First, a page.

How can we protect ourselves in case of a depression? Hoarding money, gold, or silver would only bring about security problems as I see it. I am not wealthy, but I would like to know how to prepare. I have no debt and have two years’ of income in investments. I have tried to find information on how to keep money during a depression, but there seems to be none. —D. K.
Dear D. K.—
In his book The Only Investment Guide You’ll Ever Need, Andrew Tobias offers ways to brace for financial upheaval, including stashing silver dimes. My review of his book appears on page 7 of the June 2008 Levitt Letter, www.levitt.com/newsletters/2008-06.pdf.
Perhaps no one can “survive” a depression financially unless he has: 1) assets to liquidate to pay for necessities during the depression, plus 2) assets that will retain their value or at least recover their value soon afterwards—such as real estate and marketable skills. Balancing our investment in these “treasures” reminds me of Mt. 6:19, which mentions the risks of moth, rust, and thievery and admonishes us to store our riches in Heaven. Keep the faith and “consider the lilies of the field.” Matt. 6:28
Half of this ministry’s modest reserves sits in a Vanguard treasury bill mutual fund. The other half is in a balanced fund called the Vanguard STAR Fund. Many investors gravitate toward one of Scott Burns’s nine “Couch Potato” portfolios. His variations hinge primarily on splitting investments between two to nine mutual funds, primarily from Vanguard.
According to the “Couch Potato Cookbook” article at assetbuilder.com, “Couch Potato investors tend to lose less in a down market and make more in an up market…almost always in the top 50 percent and frequently in the top 25 percent in portfolio categories called ‘Moderate Allocation.’” The article answers these questions: 1) Where do I belong? 2) Can you make substitutions? 3) But suppose I hate to cook? Then what do I do? and 4) Will I benefit from having an AssetBuilder portfolio?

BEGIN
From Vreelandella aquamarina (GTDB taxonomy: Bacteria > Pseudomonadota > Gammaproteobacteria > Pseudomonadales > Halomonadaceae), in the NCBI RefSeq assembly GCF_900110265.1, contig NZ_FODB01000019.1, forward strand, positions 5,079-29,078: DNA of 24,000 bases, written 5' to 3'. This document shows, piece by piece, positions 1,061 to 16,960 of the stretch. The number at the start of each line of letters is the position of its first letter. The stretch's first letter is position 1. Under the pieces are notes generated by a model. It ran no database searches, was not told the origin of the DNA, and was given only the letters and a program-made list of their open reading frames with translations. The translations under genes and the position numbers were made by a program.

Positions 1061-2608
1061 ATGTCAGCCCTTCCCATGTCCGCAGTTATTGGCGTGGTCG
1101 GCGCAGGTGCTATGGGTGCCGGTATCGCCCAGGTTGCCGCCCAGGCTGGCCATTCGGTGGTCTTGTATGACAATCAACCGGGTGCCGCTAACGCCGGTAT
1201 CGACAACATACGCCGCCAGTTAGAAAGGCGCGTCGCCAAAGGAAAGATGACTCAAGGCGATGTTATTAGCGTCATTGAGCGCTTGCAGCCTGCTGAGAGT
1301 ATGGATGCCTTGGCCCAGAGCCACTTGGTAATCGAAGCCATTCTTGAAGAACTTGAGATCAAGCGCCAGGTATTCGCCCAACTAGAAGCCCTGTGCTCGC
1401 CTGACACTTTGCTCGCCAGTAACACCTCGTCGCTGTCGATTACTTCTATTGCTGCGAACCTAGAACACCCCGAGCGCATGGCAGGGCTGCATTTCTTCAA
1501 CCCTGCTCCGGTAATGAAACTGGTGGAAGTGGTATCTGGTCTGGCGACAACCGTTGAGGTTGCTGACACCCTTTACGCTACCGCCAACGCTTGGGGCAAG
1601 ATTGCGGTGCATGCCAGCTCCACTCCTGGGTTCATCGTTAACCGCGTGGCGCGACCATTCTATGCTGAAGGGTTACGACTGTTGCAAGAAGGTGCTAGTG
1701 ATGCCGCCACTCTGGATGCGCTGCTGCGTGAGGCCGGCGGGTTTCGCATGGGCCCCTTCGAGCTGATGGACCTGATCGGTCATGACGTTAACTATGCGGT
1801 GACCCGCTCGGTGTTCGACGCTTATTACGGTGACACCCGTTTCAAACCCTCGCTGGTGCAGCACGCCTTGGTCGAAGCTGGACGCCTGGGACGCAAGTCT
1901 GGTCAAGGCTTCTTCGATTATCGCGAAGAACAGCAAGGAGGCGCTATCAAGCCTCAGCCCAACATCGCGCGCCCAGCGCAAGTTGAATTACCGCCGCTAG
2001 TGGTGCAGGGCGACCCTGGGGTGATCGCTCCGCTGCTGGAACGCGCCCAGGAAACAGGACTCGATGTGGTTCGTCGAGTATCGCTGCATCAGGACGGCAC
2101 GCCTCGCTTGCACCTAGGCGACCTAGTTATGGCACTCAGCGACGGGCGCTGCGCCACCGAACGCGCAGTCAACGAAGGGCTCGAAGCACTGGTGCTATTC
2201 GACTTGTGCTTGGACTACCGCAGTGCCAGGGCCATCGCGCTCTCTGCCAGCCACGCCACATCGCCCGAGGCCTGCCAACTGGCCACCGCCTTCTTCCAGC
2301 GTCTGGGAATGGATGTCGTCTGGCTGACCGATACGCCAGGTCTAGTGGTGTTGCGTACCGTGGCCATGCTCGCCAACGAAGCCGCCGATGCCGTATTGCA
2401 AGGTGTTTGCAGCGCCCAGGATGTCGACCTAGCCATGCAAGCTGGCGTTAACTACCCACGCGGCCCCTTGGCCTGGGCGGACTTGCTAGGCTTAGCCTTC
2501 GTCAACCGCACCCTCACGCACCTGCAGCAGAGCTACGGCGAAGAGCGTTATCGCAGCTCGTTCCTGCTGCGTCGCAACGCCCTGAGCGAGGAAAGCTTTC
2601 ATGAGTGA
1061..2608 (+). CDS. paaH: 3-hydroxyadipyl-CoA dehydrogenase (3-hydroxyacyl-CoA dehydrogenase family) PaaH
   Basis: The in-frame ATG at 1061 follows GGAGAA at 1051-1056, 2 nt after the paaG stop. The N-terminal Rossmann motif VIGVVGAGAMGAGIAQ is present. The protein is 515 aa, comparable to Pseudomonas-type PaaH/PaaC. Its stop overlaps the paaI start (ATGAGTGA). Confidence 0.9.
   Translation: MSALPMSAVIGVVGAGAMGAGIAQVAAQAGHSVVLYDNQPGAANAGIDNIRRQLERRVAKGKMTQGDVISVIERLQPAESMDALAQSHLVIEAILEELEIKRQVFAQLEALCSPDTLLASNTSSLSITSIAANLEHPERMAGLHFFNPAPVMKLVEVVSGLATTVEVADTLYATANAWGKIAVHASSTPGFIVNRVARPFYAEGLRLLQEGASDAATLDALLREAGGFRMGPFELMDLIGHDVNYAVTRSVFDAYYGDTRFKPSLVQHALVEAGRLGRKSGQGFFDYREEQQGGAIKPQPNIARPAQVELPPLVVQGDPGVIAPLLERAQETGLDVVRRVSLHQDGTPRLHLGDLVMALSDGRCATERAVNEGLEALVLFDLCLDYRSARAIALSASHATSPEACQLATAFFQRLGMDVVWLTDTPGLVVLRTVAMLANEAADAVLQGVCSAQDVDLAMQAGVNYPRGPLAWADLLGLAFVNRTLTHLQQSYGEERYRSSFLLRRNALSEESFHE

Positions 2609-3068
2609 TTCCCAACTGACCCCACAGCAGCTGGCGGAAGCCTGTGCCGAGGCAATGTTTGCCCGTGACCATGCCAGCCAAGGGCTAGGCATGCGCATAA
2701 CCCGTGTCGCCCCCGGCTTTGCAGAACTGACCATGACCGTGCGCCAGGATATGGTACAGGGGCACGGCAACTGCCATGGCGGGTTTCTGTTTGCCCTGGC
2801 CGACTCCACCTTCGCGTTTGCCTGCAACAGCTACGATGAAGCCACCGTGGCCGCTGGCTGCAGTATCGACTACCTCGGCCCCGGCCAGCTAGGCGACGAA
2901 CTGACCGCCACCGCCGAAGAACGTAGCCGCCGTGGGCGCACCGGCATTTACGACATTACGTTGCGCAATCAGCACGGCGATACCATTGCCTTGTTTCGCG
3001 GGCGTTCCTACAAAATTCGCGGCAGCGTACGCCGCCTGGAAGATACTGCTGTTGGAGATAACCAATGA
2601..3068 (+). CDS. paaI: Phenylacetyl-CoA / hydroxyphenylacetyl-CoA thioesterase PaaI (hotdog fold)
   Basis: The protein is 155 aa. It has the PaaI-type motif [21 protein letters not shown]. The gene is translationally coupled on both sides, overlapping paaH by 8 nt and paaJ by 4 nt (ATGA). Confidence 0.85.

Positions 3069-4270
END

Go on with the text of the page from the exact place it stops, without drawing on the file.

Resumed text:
Yes, the seven members of the team at AssetBuilder have a service to sell. But they give you enough specifics to deal directly with Vanguard, which offers optional flat-fee financial advice. Though I see merit in all that Burns has to say, I’m still investing only with Vanguard.
If you click on “Couch Potato Results,” you’ll see that nothing stock-market-related looks very pretty right now. However, once a prospective investor is out of debt and has six months’ worth of income in the bank, he may gravitate toward the Couch Potato’s basic goal of investing: quick, simple, cheap, and effective.